If triangular fuzzy numbers are considered in the form c ˜ j = ( r j , c j , R j ) , where rj, cj, and Rj correspond to the left (optimistic), center, and right (pessimistic) values, the membership function is given in the following way:
u ,   j N ,   μ c j ( u ) = { h ( u ) = ( u r j ) ( c j r j ) , r j u c j g ( u ) = ( R j u ) ( r j c j ) , c j u R j 0 , o t h e r w i s e
According to Herrera and Verdegay [40,41], if the linear expression y ˜ = j c ˜ j x j is considered, in which c ˜ j are the fuzzy numbers with memebership functions similar to (13) and xj ≥ 0, then the membership function of y ˜ can be formulated as follows:
μ ( z ) = { ( z r x ) ( c x r x ) i f   r x z c x , ( R x z ) ( R x c x ) i f   c x z R x , 0 o t h e r w i s e
where r = ( r 1 , , r n ) ,   c = ( c 1 , , c n ) , and R = ( R 1 , , R n ) . The lateral margins (right and left, respectively) of the fuzzy number c ˜ j correspond to the expressions d · x and d x if the vectors d and d′ are defined such that d = R c and d = c r .
In order to obtain the optimal solution for (12), a ranking function f could be applied as Herrera and Verdegay [40,41] demonstrated. According to them, the first and third indices of Yager correspond to the following formulations.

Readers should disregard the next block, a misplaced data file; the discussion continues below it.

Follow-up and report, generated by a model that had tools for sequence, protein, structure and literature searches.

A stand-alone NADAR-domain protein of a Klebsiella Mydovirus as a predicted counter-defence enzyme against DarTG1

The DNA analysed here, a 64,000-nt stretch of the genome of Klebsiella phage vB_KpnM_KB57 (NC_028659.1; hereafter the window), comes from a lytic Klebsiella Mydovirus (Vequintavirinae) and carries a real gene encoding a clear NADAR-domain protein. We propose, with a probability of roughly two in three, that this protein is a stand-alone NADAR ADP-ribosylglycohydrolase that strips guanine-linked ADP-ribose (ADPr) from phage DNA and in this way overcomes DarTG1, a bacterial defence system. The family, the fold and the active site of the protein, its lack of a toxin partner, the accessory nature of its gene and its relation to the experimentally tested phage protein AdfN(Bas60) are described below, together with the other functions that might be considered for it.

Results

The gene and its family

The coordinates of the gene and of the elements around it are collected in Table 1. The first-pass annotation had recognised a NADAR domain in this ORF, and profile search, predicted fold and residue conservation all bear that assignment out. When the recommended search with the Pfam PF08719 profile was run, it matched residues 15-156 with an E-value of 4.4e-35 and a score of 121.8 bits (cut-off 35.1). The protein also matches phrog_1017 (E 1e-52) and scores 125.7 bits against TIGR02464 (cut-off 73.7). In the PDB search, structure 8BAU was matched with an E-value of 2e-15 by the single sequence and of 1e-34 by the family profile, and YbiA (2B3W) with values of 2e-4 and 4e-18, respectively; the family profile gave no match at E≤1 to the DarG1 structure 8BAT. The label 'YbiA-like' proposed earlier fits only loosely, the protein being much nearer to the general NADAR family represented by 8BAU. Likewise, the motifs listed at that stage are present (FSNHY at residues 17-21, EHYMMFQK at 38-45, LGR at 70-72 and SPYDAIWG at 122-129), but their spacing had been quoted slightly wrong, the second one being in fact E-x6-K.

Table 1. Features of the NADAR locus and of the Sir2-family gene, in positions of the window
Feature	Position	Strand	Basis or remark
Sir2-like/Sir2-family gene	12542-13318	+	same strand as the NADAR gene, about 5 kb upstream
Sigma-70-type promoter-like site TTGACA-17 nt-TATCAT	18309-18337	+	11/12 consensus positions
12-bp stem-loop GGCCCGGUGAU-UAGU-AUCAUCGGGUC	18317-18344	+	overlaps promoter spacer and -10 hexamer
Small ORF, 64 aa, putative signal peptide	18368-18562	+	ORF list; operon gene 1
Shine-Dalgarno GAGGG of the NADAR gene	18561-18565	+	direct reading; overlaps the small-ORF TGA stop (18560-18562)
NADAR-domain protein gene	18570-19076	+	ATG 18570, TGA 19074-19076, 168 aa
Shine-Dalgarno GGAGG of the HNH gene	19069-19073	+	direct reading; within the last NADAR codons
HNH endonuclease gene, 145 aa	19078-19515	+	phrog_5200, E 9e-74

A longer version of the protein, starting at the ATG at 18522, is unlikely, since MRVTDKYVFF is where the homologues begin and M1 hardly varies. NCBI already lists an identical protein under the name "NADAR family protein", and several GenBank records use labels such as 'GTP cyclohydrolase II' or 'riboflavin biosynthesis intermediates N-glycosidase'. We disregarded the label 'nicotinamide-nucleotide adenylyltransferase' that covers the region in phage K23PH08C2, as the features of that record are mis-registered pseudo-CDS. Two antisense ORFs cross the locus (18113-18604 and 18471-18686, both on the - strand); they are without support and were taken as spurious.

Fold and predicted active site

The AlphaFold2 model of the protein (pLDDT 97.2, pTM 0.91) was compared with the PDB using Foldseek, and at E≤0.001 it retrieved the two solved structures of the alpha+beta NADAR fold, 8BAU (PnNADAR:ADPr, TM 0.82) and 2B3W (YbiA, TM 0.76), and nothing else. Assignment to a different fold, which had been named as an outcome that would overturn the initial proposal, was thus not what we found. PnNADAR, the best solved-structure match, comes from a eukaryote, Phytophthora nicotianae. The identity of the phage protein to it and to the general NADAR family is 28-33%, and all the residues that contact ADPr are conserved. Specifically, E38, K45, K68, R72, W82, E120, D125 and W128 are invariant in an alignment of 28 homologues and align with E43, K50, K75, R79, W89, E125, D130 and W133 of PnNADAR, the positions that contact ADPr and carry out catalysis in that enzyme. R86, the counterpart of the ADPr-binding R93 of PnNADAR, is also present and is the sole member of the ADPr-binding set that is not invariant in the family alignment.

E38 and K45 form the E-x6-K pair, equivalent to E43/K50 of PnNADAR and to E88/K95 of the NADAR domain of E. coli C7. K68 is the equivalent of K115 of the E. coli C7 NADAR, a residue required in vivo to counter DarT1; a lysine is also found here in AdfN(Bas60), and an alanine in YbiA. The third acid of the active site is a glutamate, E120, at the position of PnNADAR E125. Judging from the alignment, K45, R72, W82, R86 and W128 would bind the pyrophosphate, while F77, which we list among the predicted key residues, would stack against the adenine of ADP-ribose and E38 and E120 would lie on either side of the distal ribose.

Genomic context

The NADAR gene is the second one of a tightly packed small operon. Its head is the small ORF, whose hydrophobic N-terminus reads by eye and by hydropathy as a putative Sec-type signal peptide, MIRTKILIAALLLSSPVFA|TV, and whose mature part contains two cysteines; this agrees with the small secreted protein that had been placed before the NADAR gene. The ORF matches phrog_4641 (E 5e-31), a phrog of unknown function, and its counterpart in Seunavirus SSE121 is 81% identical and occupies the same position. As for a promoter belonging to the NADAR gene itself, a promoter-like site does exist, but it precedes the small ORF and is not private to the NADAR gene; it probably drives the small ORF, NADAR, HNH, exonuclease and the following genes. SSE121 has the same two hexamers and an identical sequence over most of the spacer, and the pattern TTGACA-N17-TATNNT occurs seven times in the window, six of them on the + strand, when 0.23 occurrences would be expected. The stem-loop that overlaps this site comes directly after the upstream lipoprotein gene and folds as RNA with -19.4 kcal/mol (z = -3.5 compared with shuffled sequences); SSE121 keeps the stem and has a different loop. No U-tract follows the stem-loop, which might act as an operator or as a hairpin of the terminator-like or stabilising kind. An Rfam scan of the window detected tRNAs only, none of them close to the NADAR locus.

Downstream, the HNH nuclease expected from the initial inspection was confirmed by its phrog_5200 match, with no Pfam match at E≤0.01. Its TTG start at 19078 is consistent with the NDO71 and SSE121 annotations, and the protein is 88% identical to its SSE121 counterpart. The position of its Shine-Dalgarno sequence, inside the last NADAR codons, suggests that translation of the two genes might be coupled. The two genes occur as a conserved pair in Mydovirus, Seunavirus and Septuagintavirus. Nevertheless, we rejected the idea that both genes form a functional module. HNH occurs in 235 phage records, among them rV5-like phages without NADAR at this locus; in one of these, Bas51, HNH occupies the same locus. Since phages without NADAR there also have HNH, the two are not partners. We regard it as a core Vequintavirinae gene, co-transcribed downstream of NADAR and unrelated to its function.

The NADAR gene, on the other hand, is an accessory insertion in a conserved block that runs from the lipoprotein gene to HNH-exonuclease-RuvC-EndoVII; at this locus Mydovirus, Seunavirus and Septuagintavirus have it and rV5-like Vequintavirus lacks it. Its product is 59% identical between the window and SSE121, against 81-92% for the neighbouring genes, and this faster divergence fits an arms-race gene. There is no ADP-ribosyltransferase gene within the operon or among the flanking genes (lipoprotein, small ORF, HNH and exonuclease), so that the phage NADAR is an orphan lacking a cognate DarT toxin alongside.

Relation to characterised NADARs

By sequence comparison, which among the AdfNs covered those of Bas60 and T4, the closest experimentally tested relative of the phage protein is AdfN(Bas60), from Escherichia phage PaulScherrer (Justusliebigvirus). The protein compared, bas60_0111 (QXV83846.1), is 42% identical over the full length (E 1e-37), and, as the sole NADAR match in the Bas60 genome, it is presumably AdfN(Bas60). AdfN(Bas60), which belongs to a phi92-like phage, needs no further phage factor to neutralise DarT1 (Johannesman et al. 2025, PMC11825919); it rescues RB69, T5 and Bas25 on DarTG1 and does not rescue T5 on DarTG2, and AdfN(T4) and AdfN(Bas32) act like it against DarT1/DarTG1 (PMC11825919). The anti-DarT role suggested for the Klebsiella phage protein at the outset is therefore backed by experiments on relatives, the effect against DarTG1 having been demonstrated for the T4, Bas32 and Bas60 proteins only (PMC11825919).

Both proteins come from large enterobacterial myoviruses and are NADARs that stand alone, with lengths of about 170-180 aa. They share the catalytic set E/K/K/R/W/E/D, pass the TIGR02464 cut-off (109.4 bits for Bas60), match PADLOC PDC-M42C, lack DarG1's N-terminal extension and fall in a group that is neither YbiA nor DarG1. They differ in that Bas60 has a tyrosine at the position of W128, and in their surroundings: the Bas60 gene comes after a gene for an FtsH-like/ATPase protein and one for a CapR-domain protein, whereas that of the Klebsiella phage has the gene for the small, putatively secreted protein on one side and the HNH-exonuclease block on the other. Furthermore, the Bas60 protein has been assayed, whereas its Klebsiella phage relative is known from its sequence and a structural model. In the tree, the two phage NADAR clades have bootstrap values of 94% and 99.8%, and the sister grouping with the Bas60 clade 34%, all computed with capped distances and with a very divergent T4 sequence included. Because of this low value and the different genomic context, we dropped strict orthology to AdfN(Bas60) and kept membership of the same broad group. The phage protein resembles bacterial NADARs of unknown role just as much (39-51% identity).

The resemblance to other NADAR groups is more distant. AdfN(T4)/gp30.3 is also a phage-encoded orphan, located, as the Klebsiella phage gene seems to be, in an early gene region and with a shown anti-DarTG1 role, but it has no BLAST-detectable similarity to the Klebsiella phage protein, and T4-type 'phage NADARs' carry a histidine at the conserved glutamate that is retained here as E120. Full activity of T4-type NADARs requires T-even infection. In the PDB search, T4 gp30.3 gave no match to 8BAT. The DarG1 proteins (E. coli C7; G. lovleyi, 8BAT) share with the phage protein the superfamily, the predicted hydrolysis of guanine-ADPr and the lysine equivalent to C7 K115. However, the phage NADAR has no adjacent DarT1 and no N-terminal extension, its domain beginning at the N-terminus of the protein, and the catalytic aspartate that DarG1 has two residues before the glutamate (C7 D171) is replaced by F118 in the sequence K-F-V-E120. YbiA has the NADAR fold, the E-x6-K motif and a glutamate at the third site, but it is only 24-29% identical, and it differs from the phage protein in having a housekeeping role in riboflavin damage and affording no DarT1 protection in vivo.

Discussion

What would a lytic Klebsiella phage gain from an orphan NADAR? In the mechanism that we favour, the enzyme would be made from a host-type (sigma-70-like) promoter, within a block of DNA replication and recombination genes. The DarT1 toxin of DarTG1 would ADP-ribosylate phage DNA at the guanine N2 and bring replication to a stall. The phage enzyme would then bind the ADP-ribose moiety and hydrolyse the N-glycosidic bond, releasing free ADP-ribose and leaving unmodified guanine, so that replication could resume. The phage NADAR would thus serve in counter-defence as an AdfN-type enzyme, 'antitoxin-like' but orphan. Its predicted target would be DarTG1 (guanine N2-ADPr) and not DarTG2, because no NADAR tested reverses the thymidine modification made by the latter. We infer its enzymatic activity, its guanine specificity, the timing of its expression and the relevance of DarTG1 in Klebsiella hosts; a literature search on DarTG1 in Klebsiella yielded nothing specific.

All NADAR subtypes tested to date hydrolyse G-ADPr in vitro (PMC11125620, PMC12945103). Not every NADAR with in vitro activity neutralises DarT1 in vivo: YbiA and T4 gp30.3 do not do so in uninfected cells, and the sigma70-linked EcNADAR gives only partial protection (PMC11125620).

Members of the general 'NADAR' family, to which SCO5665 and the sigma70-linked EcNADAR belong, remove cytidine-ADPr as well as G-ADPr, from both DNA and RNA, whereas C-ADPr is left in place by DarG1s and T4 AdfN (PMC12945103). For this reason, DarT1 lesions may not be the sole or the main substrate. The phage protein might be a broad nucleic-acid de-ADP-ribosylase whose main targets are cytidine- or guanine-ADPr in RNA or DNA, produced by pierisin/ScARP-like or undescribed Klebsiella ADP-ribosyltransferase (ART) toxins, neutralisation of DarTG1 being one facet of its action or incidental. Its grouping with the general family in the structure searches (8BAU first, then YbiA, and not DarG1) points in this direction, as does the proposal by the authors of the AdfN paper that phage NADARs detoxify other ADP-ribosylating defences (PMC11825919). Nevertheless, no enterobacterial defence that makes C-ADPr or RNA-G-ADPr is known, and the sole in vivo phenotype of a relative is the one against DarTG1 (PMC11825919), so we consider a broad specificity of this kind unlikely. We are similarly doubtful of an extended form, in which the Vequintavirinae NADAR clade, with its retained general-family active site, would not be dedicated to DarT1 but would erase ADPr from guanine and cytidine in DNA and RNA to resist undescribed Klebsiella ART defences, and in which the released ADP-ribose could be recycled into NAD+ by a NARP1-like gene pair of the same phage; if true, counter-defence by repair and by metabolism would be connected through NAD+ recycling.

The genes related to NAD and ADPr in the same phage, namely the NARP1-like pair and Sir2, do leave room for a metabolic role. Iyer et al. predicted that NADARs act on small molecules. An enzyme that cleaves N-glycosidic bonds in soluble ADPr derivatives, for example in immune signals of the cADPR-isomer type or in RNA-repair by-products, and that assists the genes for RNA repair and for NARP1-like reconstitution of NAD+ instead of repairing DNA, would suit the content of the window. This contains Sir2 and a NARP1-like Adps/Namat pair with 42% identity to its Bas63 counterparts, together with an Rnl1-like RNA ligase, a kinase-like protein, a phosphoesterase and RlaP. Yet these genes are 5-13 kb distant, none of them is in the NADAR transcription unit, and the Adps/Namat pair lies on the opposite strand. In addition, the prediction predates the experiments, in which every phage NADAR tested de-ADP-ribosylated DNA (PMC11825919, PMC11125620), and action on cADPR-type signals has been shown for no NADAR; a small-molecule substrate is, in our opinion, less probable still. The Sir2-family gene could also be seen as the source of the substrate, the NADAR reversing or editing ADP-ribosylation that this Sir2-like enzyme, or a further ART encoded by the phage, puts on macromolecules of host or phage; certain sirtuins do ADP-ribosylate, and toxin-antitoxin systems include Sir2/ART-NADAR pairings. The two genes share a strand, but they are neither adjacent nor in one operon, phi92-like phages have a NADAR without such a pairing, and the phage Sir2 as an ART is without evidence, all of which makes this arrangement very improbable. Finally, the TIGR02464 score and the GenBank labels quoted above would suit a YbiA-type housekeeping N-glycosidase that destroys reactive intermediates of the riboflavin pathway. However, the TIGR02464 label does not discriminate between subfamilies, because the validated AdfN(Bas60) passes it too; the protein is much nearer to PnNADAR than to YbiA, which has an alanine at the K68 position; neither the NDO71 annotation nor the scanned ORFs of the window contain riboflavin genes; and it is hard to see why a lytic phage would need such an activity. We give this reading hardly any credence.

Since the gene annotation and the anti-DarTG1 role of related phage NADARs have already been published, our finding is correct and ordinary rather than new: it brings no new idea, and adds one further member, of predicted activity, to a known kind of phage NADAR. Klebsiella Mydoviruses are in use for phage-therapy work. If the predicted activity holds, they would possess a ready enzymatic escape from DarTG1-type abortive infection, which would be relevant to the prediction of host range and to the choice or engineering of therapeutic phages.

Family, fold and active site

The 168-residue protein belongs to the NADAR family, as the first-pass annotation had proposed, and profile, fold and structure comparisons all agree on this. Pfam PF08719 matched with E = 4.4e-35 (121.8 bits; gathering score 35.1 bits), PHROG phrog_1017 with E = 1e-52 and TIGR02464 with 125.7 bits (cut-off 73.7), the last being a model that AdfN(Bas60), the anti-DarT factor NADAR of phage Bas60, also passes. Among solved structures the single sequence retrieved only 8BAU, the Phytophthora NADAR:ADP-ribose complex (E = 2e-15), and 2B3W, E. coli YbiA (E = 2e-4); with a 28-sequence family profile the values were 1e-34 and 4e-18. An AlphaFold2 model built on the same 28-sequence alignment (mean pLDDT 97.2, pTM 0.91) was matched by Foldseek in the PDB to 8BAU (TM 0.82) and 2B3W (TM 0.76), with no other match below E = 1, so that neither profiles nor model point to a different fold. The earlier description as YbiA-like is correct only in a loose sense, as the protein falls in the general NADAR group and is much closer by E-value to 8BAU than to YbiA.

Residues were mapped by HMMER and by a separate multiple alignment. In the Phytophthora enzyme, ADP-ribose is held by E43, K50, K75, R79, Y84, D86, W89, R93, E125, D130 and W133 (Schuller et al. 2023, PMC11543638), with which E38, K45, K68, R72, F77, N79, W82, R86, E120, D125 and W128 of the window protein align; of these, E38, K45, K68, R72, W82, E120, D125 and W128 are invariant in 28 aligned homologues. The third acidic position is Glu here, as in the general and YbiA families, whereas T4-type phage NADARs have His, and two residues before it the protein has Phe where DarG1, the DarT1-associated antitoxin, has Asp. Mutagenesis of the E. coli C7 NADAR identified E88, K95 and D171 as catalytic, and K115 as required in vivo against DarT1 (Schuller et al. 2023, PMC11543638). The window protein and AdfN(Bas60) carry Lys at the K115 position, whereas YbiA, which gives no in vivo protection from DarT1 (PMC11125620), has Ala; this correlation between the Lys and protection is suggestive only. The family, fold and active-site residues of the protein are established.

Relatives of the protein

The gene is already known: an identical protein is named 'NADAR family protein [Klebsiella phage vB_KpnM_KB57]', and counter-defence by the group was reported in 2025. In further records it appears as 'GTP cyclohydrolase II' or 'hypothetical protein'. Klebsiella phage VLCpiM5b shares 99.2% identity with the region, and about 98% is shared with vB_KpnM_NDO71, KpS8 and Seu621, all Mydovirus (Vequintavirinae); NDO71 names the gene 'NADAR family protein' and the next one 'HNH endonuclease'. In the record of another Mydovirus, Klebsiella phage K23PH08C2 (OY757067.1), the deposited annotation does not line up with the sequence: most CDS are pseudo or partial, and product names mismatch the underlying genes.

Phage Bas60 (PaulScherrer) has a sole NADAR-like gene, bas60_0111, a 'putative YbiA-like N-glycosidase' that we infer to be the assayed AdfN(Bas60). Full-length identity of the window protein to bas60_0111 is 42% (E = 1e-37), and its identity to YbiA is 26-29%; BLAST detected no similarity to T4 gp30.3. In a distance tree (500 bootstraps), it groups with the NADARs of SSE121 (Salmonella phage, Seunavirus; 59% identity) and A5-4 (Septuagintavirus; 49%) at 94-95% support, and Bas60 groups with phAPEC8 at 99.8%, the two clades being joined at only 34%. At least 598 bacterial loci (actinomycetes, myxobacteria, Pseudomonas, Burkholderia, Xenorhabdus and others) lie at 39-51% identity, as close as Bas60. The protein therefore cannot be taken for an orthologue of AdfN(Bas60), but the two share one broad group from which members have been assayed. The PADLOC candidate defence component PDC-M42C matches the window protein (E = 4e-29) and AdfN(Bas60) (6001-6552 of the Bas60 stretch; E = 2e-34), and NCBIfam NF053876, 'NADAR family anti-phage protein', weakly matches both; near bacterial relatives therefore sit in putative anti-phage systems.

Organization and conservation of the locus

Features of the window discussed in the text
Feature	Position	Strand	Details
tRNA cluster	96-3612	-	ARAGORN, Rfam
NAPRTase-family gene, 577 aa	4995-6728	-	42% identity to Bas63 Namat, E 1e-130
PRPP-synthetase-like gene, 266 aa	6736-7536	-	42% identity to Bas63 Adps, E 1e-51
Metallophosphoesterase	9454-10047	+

2.2.1. First Index of Yager

The first function defuzzifies the uncertain costs by applying the concept of the center of gravity considering the following expression:
f 1 ( u ˜ j ) = 0 1 g ( z ) μ u ˜ j ( z ) d z 0 1 μ u ˜ j ( z ) d z
where the measure of the importance of the value z is expressed by g(z). If linear weights and triangular fuzzy numbers are considered, the problem (12) corresponds to the following equivalent formulation [40,41]:
Min z =   ( c + ( d d ) / 3 ) x
s . t . A x b
x j j N

2.2.2. Third Index of Yager

The expression of the third index of Yager is as follows:
f 3 ( u ˜ j ) = 0 1 M ( U j α ) d α
where U j α is the α-level set of u ˜ j and M ( U j α ) is the mean value of the elements of U j α . Therefore, the optimal solution of (12) could be obtained by solving the following problem [40,41]:
Min z =   ( c + ( d d ) / 4 ) x
s . t . A x b
x j j N

2.2.3. Lai and Hwang’s Approach

Considering the problem defined by (12), each fuzzy cost is formulated as a triangular fuzzy number, which defines a fuzzy objective function with a triangular shape defined by the pessimistic, average or central, and optimistic values, according to the considered uncertain costs. In this sense, Lai and Hwang proposed to transform a mathematical programming model with fuzzy costs into a multiobjective mathematical programming model. This transformation was composed by three objective functions, which had the aim of minimizing the average costs (z1), as well as the difference between pessimistic and average costs (z3). Besides, simultaneously, the model maximized the difference between normal and optimistic costs (z2). Thus, minimization of the original fuzzy objective can be obtained by pushing these three critical points in the direction of the left-hand side. Therefore, the following auxiliary problem is obtained taking into account the previous nomenclature: